April 10, 2017
Facebook has donated $14 million to the News Integrity Initiative, established by Craigslist founder Craig Newmark to combat fake news. The project, which will be headed by Jeff Jarvis, will run out of the City University of New York’s journalism school. The move is just one of Facebook’s recent efforts to combat fake news. The company has also hired former CNN anchor Campbell Brown to lead its new Facebook Journalism Project, partnered with fact-checking sites to tag fake news, and published tips on how to identify it.
Wired finds fault with Facebook’s involvement with the News Integrity Initiative, charging that it “takes a lot of the blame for the trust crisis off Facebook’s shoulders and spreads it around to everyone, from ad networks to journalism itself.” Nonetheless, it notes, while Facebook’s membership in the initiative “may not act as Facebook’s tacit acknowledgment that it is a media company, it does show that Facebook feels at least some responsibility for the ecosystem.”
“I do not think that the platforms are media companies, and I do not want them to be editors or censors of the world,” said Jarvis, who rather hopes to bring all involved players together “to figure out how everyone can help each other diminish the perception that the news is rigged.”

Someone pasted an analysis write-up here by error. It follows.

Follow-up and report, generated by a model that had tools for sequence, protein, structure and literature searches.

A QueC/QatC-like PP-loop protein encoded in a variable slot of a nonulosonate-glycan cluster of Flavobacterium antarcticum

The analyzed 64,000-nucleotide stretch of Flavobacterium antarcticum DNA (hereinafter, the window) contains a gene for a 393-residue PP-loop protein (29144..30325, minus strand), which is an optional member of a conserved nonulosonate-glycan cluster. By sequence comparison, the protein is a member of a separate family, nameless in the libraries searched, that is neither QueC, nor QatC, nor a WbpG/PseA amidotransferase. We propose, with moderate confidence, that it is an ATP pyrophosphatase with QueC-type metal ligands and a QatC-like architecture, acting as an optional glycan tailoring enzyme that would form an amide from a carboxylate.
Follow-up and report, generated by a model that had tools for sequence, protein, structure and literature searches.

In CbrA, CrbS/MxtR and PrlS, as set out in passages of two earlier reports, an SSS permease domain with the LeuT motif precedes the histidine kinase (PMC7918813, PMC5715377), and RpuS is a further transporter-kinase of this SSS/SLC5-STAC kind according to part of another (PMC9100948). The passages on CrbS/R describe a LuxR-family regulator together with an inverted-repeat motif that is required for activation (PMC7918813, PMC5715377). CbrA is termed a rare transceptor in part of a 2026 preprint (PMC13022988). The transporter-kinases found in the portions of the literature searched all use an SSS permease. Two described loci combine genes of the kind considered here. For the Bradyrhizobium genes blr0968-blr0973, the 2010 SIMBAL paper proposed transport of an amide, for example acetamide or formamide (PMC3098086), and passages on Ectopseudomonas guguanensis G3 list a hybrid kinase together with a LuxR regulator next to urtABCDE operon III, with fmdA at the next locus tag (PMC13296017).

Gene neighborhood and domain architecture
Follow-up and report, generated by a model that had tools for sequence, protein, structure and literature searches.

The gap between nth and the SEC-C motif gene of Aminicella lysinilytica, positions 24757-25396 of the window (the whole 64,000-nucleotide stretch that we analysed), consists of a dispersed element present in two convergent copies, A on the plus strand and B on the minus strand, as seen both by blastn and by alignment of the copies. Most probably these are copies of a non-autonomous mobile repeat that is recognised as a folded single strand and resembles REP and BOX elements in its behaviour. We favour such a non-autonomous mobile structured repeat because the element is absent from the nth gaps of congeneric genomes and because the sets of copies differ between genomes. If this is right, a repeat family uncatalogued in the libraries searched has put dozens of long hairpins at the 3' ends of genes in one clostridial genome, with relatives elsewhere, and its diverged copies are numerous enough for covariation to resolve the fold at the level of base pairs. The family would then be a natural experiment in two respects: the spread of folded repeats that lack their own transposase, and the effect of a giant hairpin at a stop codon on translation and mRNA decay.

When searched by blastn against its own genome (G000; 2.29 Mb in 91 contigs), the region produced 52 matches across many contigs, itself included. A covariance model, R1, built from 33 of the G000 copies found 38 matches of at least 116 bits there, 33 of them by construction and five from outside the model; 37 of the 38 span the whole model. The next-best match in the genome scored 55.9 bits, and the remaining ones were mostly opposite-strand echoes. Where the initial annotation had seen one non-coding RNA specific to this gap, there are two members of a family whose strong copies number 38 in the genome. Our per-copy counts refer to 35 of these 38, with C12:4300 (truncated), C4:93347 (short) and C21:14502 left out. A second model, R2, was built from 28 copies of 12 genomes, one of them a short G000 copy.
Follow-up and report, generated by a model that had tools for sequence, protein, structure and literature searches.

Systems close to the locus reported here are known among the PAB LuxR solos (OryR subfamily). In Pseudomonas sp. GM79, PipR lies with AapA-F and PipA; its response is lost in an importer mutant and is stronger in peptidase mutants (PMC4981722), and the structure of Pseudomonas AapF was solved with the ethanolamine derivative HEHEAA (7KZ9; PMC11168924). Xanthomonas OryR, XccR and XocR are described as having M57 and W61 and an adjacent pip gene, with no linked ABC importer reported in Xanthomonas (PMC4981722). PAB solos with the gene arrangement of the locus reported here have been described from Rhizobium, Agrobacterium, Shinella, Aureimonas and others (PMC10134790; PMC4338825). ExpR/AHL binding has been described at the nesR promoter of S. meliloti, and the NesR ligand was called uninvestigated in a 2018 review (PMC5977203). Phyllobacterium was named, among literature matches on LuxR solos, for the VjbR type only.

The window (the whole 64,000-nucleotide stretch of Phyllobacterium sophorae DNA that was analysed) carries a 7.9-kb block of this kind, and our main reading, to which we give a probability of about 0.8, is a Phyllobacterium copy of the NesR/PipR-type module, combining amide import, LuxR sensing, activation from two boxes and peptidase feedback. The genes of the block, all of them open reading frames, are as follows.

The difficulty, says Wired, is that Facebook, advertisers and users all define the platform differently, and surveys reveal that 60 percent of Americans get their news from social media sites like Facebook. As a result, media companies have had to “rethink the kinds of ‘content’ they create” (think adorable animals, baby photos and snarky jokes), and “it’s also invited opportunists who cater less to any journalistic ideal of truth-seeking than to Facebook’s algorithms.”
The 2016 presidential election led to a angst-filled critiques of Facebook and journalism. The News Integrity Initiative intends to focus on these problems, but has not yet set a path. Jarvis has yet to hire a manager and is still looking for collaborators. “What’s most needed now,” suggests Wired, “are ways to turn insights into action.”
Facebook is also alerting readers in the U.S. and 13 other countries to potentially false news by an alert above News Feed, reports TechCrunch. The alert links to Facebook’s Help Center and “Tips to Spot False News.” Facebook wrote these tips in concert with news standards nonprofit First Draft. Among the tips are to be skeptical of sensational headlines, check for phony URLs, investigate sources, watch for unusual formatting (and misspellings), watch out for inauthentic photos, inspect the dates, check the evidence, look at other reports, and determine whether the story is a joke or intentionally false.
TechCrunch notes that Facebook is now calling the problem “false news,” since the term “fake news” has been co-opted by President Trump to describe “any opinions or facts with which he disagrees.” But it believes that Facebook puts too much faith in its users to “exert lots of cognitive effort to detect false news” or even click on the link.